A lot has changed in the Apple TV space since I first wrote my TV Rotation Technique. A friend of mine got the new Apple TV and started to manage his TV shows by “the blue dot”, the indicator that iTunes uses to indicate that an episode has not yet been played. On the new Apple TV, you see every single episode and he uses the blue dot to tell which episode is next to watch in sequence. Once he’s finished all episodes, he selects them in iTunes, right-clicks and selects “Mark as Unwatched”. Then he starts again.

I use the old Apple TV for watching TV shows, for 3 reasons:

  • I sync only the content I choose, which isolates only the next few episodes to watch. This way, they can either be watched or unwatched, and I only ever see the next few in sequence, as per my TV Rotation Technique.
  • The new Apple TV displays every season in the TV Shows menu, making it a mammoth list. The old Apple TV displays only the shows, then all the seasons within the show in a submenu. I prefer this as the menus aren’t as long, especially as it’s not showing every show, every season, every episode.
  • The new Apple TV randomly chooses one of the many different pieces of episode artwork that I apply to the individual episodes and uses that for every episode. Given the work I put into those, that’s annoying.

I’ve started to trial my friend’s Blue Dot technique. It has certain merits. It’s no more effort to maintain than is mine–less, in fact, considering it’s easier to find a TV show in the TV Shows library than it is to burrow down through my playlist folders to the specific playlist. It’s more obvious. It overcomes the problem of having cycled through seasons 1 and 2 two times, then you add season 3 and have to tweak the Plays is less then X criterion in my playlists. You don’t have to use playlists.

Not that I have a real use for it, but I’ve been obsessed with collecting and retaining what I call “audit data”, which is data relating to the playback of files, i.e., Date Last Played and Plays. This is not used in Blue Dot, although I do use it in my technique. I notice that marking episodes as new does not clear or otherwise modify the Date Last Played, so that’s given me a little more confidence to trial it.

The technique is very simple. For new Apple TVs, add content, which is unplayed, then play it. Once all episodes are played, select them in iTunes, right-click and select Mark as New. Begin watching again from the first blue-dotted episode. This also applies to old Apple TVs where you’re streaming everything from the computer.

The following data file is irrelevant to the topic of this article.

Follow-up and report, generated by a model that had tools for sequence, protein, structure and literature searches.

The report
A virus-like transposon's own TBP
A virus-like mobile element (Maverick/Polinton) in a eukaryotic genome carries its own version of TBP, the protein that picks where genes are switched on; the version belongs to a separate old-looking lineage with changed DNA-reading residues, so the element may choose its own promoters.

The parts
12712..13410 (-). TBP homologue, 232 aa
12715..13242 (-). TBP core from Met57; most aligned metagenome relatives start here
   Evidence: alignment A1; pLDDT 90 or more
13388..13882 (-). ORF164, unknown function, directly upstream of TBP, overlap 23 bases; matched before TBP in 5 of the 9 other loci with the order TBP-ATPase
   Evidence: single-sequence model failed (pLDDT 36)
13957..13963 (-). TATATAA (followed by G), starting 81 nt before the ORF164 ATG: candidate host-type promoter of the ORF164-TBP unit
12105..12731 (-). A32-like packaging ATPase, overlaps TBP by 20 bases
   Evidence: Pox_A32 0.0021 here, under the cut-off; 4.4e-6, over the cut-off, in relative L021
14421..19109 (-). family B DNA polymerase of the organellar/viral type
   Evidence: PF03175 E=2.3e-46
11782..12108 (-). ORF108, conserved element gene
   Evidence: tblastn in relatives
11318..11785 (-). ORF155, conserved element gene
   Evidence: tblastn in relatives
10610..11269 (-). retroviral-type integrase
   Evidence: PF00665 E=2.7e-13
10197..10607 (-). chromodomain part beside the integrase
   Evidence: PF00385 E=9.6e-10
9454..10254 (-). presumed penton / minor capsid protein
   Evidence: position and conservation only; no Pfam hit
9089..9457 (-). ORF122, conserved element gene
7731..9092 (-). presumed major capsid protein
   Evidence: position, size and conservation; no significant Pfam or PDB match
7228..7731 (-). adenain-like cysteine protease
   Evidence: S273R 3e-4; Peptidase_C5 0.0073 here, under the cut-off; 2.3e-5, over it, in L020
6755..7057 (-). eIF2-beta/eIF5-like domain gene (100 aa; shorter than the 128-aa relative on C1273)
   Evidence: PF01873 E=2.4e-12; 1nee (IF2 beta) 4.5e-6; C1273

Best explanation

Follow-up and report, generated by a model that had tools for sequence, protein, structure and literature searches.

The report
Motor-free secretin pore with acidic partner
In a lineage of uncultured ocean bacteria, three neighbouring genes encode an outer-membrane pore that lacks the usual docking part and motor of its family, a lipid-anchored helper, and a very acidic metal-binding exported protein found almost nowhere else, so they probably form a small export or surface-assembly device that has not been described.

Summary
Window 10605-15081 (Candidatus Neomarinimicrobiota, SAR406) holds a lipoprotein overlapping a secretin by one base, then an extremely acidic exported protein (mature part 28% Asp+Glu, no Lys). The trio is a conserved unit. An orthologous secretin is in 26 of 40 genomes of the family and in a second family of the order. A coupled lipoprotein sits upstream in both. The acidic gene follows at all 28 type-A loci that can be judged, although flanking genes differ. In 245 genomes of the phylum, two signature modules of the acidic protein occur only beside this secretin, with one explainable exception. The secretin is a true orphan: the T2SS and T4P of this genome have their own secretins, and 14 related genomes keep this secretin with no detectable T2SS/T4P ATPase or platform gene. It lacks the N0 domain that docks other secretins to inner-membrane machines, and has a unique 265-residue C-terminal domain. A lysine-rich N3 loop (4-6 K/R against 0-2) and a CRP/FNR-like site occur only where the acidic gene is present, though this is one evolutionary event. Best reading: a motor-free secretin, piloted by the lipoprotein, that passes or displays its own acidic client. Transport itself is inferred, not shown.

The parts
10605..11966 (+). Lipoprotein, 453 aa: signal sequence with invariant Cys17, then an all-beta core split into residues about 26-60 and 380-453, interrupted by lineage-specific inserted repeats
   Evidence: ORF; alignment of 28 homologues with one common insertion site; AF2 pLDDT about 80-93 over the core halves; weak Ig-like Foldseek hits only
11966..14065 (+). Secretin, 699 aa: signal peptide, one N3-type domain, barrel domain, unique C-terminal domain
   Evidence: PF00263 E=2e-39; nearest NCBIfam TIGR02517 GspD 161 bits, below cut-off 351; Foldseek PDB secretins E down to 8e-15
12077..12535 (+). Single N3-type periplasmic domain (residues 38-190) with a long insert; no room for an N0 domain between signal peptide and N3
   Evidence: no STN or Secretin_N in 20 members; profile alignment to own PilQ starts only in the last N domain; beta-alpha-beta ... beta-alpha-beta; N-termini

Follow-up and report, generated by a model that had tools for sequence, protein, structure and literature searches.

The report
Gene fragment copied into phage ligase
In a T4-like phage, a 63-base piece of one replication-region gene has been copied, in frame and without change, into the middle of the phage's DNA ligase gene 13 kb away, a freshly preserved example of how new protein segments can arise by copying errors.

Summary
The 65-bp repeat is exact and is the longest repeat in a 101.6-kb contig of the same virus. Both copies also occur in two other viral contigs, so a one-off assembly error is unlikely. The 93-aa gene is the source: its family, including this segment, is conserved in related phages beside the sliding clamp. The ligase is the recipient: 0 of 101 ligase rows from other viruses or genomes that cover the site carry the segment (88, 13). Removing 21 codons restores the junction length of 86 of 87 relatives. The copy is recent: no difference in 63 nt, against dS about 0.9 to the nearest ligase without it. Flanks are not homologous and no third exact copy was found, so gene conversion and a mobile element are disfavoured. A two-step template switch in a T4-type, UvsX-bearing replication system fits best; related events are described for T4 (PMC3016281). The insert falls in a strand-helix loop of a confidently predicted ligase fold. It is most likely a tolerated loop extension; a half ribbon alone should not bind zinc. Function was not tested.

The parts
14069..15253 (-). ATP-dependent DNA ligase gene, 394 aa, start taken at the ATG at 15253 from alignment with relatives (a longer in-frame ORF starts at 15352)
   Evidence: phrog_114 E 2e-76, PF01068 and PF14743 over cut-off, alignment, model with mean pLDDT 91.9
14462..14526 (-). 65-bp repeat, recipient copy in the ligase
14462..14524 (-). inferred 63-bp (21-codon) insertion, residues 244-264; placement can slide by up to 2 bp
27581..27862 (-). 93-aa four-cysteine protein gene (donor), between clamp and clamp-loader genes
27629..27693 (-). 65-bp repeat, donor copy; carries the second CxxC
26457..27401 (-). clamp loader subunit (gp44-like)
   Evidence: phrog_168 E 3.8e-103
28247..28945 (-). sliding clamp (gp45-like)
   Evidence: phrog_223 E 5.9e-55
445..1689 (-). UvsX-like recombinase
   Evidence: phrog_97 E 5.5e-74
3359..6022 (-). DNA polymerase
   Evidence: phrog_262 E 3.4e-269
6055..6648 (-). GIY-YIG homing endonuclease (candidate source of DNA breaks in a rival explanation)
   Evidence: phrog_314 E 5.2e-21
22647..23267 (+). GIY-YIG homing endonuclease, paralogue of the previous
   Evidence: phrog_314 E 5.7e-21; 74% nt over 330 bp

For old Apple TVs, or even iDevices, where you are syncing only certain content, choose a number of episodes to sync based on how much storage you have. I’ve chosen 10 from all shows. Set the setting like so:

TV Shows Sync Setting

TV Shows Sync Setting (Click to enlarge)

Now you’ll get 10 unwatched episodes, from as early as possible in the season sequence, from every TV show. In my Micallef P(r)ogram(me) example above, episodes 4-7 of series 1 and 1-6 of series 2 currently reside on my Apple TV.

If you’ve watched a series and you don’t want it to reappear in the Unwatched Episodes view in the Apple TV or on the Apple TV at all, simply don’t blue-dot it until you’re ready to watch it again.

I’ll be trialling this, mostly because I’ve used my old technique for so long that I’m used to it, but I see it as inevitable that it will be an easier method. Sync options certainly have evolved since I started working on this problem.


What’s Been Happening Recently

16 February 2011

It’s been a while and lots of new iTunes and iDevices news has come and gone. I’m still working away diligently, building my collection and rocking the new HandBrake 0.9.5. This version produces such good results that for DVD, I’ve decided I’m not going to rerip any 0.9.5 video with future versions.

I’ve abandoned all other metadata taggers and am exclusively using Subler. This is the supreme application for this task.

I’ve started to rip Blu-ray and the results are pretty good, but I’m getting some blockies in dark regions of the image. When, as I predict, the Apple TV will support 1080, I will rerip them for 1080 and hopefully be able to increase the bitrate.


Square TV Art Revisited

22 August 2010

Following up my earlier post on this, I’ve now made a complete move towards square art with a footer containing the name of the TV show. I don’t know why I didn’t do this earlier. It looks so much neater than just a screen shot, because it’s always a uniform size and the footer helps with identification.